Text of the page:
This January 4 when Cuba’s Special Education celebrates its 58th anniversary, it is worth having a look at its beginning and compare it with the present. Only then one can understand that the road traveled has been long, and that many people and institutions have taken part in this task.
Beyond the figures that accompany these lines, it is important to acknowledge the political will of the country that –regardless of deficiencies and difficulties– prioritizes the care of children, teenagers and youth with special educational needs (SEN), associated with disability or not.
It is an education that beyond resources (some specialized such as Braille machines for blind and visually impaired schoolchildren) requires the dedication and understanding of those who work in this type of institutions, where the fundamental role is not only played by the teachers of the basic subjects, but also all the workers (such as psychologists, psychopedagogues, doctors, Physical Education teachers, rehabilitators, and support staff, just to mention a few), who allow the daily work of each one of these schools.
The fact that every year over 1000 students with SEN continue their studies in Technical and Professional Education and a similar figure gets a job (these are just two examples of the results) reflects the support that Special Education has on the island.
It is true that the school and all its daily work are not only behind each of the personal stories, but also the families; parents who often leave their professions and trades aside to devote themselves entirely to their children.
Every morning several buses travel from any corner of Havana –in other provinces too– transporting schoolchildren to the centers and returning them to their homes in the afternoon. It’s worth highlighting that even during periods of fuel shortages these routes are maintained.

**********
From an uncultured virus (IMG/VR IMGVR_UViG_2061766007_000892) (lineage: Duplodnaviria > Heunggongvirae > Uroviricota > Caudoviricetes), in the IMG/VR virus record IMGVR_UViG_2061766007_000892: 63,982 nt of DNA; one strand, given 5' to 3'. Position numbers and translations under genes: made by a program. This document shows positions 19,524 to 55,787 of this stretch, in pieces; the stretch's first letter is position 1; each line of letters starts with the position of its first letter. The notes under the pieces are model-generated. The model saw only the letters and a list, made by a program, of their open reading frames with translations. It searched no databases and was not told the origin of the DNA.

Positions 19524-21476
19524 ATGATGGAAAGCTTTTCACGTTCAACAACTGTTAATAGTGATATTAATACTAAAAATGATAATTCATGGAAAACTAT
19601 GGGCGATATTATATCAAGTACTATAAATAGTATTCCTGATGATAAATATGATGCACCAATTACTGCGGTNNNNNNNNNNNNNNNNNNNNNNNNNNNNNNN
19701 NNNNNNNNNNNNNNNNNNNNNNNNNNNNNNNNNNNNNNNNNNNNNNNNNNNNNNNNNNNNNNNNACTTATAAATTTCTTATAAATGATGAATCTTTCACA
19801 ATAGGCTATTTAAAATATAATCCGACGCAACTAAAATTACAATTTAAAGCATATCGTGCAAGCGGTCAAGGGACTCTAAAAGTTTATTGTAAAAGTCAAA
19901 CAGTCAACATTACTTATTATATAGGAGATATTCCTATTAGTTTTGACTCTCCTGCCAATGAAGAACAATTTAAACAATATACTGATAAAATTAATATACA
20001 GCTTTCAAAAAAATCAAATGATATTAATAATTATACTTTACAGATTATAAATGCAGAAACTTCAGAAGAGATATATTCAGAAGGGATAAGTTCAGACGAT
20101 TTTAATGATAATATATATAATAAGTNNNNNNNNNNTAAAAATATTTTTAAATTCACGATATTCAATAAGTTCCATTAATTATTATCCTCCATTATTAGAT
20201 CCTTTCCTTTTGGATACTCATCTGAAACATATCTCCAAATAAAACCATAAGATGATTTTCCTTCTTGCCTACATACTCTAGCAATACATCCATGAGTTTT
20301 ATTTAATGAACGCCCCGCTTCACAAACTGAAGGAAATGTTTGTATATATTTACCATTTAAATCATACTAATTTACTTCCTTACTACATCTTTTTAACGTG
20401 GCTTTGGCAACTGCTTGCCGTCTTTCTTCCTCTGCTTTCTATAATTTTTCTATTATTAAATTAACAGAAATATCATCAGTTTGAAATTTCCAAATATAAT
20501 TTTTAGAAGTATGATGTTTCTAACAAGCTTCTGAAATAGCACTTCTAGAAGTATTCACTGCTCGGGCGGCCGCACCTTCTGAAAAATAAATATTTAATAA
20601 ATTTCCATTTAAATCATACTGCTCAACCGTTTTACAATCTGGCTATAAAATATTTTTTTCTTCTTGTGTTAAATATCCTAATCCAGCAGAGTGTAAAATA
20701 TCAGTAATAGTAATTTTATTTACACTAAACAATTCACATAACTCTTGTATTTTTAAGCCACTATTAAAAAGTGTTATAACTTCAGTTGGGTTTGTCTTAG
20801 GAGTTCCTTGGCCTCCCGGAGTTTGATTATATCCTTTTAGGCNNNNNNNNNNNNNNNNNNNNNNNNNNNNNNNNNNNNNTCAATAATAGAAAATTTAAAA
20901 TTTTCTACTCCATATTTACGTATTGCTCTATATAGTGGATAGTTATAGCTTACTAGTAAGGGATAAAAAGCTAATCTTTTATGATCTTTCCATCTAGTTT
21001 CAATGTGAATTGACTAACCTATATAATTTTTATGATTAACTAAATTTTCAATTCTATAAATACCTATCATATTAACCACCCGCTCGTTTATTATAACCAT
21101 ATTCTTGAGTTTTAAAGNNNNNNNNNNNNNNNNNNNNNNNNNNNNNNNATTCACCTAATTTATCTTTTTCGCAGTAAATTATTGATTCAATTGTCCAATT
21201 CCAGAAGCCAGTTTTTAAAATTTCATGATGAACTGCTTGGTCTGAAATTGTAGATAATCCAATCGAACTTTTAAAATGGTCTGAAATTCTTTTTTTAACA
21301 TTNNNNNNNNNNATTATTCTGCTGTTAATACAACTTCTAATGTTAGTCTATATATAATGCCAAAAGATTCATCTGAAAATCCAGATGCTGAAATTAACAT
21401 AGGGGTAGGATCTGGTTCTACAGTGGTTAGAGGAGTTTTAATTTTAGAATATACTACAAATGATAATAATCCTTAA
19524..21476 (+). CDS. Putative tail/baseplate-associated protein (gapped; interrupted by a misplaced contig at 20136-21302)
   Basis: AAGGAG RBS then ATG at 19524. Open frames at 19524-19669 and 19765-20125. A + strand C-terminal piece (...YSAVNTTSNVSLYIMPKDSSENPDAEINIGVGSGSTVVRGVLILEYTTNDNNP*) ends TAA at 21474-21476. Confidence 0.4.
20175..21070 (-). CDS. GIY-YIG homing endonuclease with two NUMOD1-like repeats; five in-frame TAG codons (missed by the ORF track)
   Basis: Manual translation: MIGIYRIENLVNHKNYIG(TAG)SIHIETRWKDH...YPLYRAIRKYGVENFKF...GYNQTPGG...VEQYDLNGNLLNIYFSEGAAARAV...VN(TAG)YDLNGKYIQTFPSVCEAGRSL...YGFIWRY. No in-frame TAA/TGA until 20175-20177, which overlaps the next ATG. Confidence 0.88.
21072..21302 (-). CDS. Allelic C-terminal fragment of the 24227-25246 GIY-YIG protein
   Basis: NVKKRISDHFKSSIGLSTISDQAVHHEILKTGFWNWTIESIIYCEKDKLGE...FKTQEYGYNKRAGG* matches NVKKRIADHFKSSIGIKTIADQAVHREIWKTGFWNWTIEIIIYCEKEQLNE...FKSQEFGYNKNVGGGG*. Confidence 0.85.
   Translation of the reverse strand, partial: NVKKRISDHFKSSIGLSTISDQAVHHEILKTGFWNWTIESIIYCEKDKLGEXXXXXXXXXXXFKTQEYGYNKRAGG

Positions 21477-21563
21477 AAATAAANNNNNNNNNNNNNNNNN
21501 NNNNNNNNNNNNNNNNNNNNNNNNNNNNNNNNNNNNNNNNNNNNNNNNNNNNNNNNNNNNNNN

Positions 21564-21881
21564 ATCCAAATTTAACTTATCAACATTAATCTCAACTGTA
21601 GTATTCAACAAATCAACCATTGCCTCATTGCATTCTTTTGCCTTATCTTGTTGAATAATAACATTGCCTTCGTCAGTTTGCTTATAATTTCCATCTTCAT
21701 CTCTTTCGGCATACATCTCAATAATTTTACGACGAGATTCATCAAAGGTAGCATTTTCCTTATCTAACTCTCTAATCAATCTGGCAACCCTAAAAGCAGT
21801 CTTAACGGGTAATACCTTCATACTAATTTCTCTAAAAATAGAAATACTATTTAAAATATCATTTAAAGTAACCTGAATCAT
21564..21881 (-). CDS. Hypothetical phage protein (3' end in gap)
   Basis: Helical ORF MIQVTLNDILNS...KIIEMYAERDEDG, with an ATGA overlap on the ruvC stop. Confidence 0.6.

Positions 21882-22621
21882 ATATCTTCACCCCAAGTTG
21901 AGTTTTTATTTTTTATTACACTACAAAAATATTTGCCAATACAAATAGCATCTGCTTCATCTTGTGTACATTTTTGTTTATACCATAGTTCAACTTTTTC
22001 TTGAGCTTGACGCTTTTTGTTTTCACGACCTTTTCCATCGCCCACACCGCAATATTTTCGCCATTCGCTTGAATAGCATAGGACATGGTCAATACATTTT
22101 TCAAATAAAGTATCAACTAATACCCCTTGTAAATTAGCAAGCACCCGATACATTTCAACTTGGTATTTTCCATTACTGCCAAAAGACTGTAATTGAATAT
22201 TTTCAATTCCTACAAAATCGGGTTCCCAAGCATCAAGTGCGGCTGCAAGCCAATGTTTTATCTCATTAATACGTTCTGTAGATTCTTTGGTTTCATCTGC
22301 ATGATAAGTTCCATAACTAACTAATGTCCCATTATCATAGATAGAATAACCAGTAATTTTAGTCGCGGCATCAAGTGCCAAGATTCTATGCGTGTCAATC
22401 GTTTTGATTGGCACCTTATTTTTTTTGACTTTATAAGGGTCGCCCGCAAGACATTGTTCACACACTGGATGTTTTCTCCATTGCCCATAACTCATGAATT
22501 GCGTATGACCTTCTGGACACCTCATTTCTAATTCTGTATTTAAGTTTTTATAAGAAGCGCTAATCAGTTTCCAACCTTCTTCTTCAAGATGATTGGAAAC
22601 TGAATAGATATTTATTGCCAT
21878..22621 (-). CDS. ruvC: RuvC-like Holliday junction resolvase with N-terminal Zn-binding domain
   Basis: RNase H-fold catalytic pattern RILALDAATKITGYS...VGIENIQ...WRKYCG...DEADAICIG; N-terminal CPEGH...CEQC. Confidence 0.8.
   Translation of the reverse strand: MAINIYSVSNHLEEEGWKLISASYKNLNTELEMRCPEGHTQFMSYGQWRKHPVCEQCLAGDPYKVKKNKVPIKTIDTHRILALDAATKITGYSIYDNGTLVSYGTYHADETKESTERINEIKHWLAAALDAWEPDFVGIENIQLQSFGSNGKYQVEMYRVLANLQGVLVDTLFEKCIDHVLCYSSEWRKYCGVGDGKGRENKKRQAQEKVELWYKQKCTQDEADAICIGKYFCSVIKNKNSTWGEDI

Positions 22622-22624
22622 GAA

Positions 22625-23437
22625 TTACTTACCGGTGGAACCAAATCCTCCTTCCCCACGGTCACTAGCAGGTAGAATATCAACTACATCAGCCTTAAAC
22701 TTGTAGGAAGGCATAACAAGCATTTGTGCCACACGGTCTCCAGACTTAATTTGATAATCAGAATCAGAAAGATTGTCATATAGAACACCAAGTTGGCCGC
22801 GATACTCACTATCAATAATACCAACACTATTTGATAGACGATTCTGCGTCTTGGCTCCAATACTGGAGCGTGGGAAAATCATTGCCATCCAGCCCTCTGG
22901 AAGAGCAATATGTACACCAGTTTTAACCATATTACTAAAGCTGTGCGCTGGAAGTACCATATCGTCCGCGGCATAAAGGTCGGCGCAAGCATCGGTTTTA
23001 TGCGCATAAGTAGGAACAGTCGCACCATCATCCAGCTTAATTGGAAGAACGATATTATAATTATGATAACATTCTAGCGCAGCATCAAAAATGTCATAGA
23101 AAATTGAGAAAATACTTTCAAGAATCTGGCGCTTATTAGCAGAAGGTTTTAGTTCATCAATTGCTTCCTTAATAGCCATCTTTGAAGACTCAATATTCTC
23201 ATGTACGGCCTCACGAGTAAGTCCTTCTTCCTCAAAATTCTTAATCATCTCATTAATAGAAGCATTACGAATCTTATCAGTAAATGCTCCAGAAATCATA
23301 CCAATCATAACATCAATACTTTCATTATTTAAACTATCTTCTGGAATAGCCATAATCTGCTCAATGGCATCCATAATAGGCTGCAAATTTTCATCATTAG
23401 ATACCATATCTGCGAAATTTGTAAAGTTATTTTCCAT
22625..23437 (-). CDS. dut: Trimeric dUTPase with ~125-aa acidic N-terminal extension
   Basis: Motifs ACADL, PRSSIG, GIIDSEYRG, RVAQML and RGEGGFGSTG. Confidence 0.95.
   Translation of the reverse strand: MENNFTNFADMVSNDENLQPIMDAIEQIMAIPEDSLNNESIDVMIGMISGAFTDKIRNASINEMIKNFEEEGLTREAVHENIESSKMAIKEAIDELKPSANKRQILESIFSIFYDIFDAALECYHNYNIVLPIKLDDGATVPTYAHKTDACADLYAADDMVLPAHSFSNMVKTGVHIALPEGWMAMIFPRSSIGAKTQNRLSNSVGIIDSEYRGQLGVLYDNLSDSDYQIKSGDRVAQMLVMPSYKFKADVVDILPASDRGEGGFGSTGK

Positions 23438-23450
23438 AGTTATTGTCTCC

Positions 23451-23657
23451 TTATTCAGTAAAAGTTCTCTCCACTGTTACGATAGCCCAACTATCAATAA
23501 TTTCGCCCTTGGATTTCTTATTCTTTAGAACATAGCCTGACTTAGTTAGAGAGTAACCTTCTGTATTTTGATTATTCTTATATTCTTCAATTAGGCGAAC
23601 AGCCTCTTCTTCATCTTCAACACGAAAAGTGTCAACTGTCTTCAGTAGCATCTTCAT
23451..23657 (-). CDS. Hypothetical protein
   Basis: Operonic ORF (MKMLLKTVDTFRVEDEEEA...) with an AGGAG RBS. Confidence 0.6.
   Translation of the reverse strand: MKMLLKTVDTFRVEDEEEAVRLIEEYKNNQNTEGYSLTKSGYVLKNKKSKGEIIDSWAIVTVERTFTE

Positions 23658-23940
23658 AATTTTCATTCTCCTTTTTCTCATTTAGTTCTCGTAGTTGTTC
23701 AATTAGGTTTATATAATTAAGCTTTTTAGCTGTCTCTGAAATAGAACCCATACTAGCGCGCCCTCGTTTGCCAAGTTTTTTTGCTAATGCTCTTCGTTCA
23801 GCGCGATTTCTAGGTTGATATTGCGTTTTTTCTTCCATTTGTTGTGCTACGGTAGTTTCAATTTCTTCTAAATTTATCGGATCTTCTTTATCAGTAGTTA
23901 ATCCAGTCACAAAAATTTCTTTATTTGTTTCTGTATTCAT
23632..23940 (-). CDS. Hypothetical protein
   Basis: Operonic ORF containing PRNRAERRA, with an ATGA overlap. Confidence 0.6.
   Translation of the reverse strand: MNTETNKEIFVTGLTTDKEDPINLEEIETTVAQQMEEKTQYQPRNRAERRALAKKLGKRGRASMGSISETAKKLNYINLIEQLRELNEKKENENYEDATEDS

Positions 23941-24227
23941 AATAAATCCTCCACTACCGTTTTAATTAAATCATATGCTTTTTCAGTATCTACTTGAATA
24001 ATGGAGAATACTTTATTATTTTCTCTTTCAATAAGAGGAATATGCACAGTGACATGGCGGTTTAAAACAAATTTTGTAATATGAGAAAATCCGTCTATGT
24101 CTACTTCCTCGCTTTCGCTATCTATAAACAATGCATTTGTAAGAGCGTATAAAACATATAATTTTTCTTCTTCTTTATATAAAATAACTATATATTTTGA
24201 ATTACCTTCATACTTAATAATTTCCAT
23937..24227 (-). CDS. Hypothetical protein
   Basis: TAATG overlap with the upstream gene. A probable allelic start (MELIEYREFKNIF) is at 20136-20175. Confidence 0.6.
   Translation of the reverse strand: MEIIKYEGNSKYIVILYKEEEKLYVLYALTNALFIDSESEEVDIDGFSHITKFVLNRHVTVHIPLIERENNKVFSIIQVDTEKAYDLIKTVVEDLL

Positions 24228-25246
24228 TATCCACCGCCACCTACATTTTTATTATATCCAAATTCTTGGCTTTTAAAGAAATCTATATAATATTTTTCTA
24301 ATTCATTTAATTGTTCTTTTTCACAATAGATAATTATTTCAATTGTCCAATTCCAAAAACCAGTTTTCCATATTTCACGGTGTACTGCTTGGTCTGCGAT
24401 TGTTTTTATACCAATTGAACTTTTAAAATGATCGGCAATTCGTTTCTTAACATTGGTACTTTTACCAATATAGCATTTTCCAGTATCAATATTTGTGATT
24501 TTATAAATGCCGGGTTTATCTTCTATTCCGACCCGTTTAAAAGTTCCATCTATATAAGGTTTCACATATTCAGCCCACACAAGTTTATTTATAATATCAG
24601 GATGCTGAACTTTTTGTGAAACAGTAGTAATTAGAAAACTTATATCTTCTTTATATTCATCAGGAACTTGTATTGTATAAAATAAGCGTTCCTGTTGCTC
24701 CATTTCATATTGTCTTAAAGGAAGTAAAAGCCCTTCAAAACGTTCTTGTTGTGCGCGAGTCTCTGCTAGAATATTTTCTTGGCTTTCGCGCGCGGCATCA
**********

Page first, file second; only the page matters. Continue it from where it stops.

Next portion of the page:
Special Education in Cuba has institutions, professors (both middle and university level), specialists, teaching means, and other resources that make it viable. However, we increasingly see a decrease in the enrollments, due to early detection of disabilities and quick intervention, which allow a greater inclusion in regular contexts.
Add to this that in 2001 there were 436 schools in the country but the figure decreased to 336 in 2019, and the enrollment (in the same period) has dropped from 55,053 students to 33, 639.
Despite the progress, there are still deficiencies, linked to the preparation of teachers (especially those who do not have university level); the limitations of resources to guarantee labor qualification of the students, and the fact that the institutions do not always create the spaces and enable the conditions for the active participation of the students, regardless of their characteristics and possibilities.
Nevertheless, such realities do not tarnish the achievements of Special Education in Cuba, with a very sad history before the triumph of the Revolution, when only people with certain purchasing power could access it. There were about 14 institutions, which enrolled about 134 children with intellectual, auditory, visual disabilities, and language disorders.
From the point of view of preparation, there were no specialized criteria with regard to this teaching, but each center was ruled by the personal pedagogical criteria of those who directed them. On the other hand, nowadays 85.2 percent of active teachers are university graduates, who left higher education centers with the required knowledge to meet these special educational needs.
In addition to conceiving it as an inclusive and integrative education, we can also say that it is open to the most modern and up-to-date knowledge, which allows to walk safely towards superior care. This is evident in the symposia dedicated to Special Education in the International Pedagogy Congress, which takes place in Havana every two years.
It must also be said that SE does not walk alone in this aim of achieving the maximum comprehensive development of people with special educational needs associated with disability or not, because other institutions, such as the Ministries of Public Health, Labor and Social Security, and Higher Education, as well as the Institute of Sports, Physical Education and Recreation, walk along with it and prove that without them it would have been impossible to speak at present about the results that contribute to the attainment of social justice and equity, aspects that make us feel proud to be Cubans.
Translated by Jorge Mesa Benjamin / CubaSi Translation Staff